We sat together and I just held his tiny, fragile body in my arms. Although, this certainly wasn’t the first time he had been sick and he had gone to the hospital once before, something in my heart knew that his time on Earth was coming to an end. Before I left, I kissed his forehead and said, “Thank you.” I thanked him for always making me eat my fruit and veggies as a child (and boy did I put up a fight). I thanked him for our walks along Mill Lake as we would secretly throw bread to the geese to watch them battle it out (even though this was strictly prohibited). I thanked him for helping me become a teacher and for always being proud of me. He looked at me and just smiled while we both held back the tears.
It was a really nice prayer time together at 3am the morning of the day Mike passed away. Among many things, I prayed that the Lord would surround us with angels and I thanked Him that wherever we were, was exactly where we were meant to be. I played one of our playlists from my phone and sang along with the comforting songs, including, “Lord, I need Thee”. Mike always wanted me to sing to him, but I don’t have a good voice, so I rarely sang. That morning I sang, and angels came and we knew peace more than ever before.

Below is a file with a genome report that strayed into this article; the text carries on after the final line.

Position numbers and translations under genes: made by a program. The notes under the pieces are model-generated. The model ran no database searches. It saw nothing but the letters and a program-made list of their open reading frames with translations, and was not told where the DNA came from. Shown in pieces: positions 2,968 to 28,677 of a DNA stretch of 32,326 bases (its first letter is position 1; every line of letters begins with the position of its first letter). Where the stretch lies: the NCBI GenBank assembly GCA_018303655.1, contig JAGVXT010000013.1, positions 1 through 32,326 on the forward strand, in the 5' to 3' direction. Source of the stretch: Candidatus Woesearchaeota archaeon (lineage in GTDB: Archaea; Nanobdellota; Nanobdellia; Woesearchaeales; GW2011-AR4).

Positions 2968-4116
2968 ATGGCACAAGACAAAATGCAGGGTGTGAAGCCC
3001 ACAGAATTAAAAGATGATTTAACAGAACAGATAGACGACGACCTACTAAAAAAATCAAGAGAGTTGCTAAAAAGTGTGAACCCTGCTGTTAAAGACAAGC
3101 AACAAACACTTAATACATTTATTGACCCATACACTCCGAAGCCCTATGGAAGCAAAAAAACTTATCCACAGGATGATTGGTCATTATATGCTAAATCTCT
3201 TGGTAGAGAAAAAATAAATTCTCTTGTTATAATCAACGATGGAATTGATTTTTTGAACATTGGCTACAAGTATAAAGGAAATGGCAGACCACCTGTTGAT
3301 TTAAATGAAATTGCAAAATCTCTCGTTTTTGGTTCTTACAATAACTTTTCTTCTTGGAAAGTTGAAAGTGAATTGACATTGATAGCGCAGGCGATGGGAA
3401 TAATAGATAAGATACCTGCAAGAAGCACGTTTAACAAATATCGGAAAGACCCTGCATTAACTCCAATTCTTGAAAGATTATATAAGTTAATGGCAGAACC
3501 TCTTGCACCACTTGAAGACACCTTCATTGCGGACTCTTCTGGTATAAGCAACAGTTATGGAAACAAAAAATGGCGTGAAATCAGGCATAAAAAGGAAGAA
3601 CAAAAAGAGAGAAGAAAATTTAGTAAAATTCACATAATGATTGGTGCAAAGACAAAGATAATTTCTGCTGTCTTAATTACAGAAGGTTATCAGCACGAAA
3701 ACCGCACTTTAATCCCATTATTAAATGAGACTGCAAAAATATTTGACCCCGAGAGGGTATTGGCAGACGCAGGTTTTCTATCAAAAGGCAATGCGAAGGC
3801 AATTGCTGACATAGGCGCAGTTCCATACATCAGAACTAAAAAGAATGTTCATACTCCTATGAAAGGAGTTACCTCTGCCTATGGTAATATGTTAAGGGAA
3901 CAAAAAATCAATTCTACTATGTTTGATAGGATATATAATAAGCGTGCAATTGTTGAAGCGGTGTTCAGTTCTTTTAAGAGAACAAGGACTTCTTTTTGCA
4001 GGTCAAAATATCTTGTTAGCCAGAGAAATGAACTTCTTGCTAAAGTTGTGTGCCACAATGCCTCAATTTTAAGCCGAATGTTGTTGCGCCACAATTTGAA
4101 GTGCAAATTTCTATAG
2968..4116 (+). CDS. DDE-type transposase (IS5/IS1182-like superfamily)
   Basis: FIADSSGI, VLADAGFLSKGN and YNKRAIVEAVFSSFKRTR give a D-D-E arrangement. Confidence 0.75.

At about 5:30, I told Mike that we should try to get a little more sleep. He agreed, so I laid back down beside him. When I woke up about an hour later, something had changed. He was staring straight ahead. I was unable to read his eye brows and his blink, so I asked him to look toward the window in response to my questions. Ever so slowly, he moved his eyes toward the window to a series of questions including, “Are you comfortable?”. He was. The doctor came and said Mike’s potassium levels were low and he needed some saline. I put some through his tube along with some food. I told him he needed to keep his strength up if he wanted to go home later. I knew in my heart, he probably wouldn’t be going back to our home that day, but I had no idea he’d be going home to heaven.